“We immediately removed comments and accounts directing abuse on England footballers last night and we will continue to take action against those who break our rules,” he added. “In addition to our work to remove this content, we encourage all players to turn on Hidden Words, a tool that is meant to ensure no one sees abuse in their comments or DMs. Will not fix the challenge overnight, but we are committed to keeping our community safe from abuse.”
Football’s racism problem meets technology’s moderation problem
Social media companies shouldn’t have been surprised by the response.
Soccer professionals are feeling the strain of the racial abuse they face online – and not just after this one game in England. In April, Football Association of England social media boycott “In response to the ongoing and continuing discriminatory abuse received online by players and many others associated with football.”
The racism problem of English football is nothing new. In 1993, the problem forced the Football Association, the Premier League and the Professional Footballers’ Association to launch Kick It Out, a program to fight racism, which became a full-fledged organization in 1997. Led by Southgate, the current iteration of England’s squad has embraced anti-racism more vocally than ever, taking a knee in support of the Black Lives Matter movement before matches. Still, racism remains in play – online and off.
On Monday, the Football Association strongly condemned online abuse after Sunday’s match, saying it was “horrified” at racism aimed at players. “We could not be clear why anyone behind this kind of disgusting behavior is not welcome to follow the team,” it said. “We will do everything we can to support affected players, as well as urging the harshest penalties for anyone responsible.”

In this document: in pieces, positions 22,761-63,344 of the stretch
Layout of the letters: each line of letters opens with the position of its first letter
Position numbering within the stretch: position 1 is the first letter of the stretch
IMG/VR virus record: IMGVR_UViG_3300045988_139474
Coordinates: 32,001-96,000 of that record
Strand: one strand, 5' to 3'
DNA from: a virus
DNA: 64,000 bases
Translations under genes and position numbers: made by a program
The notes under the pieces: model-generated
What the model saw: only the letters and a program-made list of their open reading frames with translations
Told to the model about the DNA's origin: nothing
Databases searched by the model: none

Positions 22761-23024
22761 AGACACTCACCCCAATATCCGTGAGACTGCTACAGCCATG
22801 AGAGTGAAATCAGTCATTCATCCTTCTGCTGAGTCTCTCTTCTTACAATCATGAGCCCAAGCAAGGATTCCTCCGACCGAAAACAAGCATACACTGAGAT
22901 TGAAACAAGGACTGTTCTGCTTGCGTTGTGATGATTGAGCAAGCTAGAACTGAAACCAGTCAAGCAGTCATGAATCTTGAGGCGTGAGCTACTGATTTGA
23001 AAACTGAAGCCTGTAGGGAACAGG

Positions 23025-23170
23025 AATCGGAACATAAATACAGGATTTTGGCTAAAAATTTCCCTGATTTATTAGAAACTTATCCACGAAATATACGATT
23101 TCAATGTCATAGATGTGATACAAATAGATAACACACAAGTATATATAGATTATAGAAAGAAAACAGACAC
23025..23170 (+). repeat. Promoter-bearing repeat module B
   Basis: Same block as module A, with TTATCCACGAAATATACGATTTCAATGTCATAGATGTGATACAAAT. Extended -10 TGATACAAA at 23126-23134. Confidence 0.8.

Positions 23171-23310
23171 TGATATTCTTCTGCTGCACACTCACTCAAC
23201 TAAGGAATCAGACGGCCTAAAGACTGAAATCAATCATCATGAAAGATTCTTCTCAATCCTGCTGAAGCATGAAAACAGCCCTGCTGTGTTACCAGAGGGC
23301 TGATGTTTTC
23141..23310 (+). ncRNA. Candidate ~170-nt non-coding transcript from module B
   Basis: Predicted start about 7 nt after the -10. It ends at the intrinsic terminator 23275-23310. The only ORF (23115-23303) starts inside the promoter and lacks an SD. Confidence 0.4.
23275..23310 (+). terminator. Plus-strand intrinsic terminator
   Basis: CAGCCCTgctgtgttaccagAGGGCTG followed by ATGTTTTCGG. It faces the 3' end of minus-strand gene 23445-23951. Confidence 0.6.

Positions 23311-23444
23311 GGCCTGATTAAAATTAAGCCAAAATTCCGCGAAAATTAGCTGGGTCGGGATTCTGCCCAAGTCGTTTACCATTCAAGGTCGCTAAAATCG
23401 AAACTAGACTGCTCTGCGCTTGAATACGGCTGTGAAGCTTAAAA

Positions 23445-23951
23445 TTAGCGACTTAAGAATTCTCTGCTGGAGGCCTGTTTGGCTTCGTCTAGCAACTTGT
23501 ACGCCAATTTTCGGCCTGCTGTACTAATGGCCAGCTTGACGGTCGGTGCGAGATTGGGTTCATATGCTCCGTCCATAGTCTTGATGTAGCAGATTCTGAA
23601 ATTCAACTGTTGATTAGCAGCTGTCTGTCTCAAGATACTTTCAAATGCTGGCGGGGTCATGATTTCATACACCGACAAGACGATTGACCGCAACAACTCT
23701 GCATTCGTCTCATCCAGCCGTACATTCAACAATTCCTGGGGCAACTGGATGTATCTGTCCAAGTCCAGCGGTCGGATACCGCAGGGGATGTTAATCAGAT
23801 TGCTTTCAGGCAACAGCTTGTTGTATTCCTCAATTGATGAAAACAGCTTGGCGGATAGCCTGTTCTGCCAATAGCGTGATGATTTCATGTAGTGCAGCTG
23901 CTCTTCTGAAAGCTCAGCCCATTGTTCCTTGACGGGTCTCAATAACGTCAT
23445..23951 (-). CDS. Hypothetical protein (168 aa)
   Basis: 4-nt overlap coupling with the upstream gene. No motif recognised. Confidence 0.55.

Social media users, politicians and rights organizations are calling for Internet-specific tools to combat online abuse – as well as to prosecute perpetrators of racist abuse as they would offline. on the part of “No Yellow Card” The campaign is calling on the Center for Countering Digital Hate platform to ban users who abuse racism for life.
In the UK, the government is trying to implement regulation that would force tech companies to take tough action against harmful content, including racist abuse, in the form of an online security bill. But it has also been criticized for moving too slowly to implement the law.
Tony Burnett, CEO of the Kick It Out campaign (which both Facebook and Twitter publicly support), said in a statement Monday that both social media companies and the government need to take steps to stop racist abuse online. His words were echoed by Julian Knight, Member of Parliament and chairman of the Committee on Digital, Culture, Media and Sport.
“Government needs to legislate tech giants,” Knight said in a statement. “Suffice it to drag, all those who have suffered at the hands of racists, not just England players, now deserve better protection.”
As pressure mounts on them to act, social networks are also stepping up their own moderation efforts and creating new tools – with varying success. Companies track and measure their progress. Facebook appoints its own independent oversight board to assess its performance.
But critics of the social network also point out that the way their business models are set up gives them little incentive to discourage racism. Any and all engagement will increase ad revenue, he argues, even if that engagement is getting people to like and comment on racist posts.
“Facebook made content moderation difficult by creating and ignoring its own vague rules and by inflicting harassment and hate to boost its stock price,” said the former Reddit CEO. Ellen Pao said on Twitter on Monday. “Negative PR is forcing them to address the racism that has been on its platform…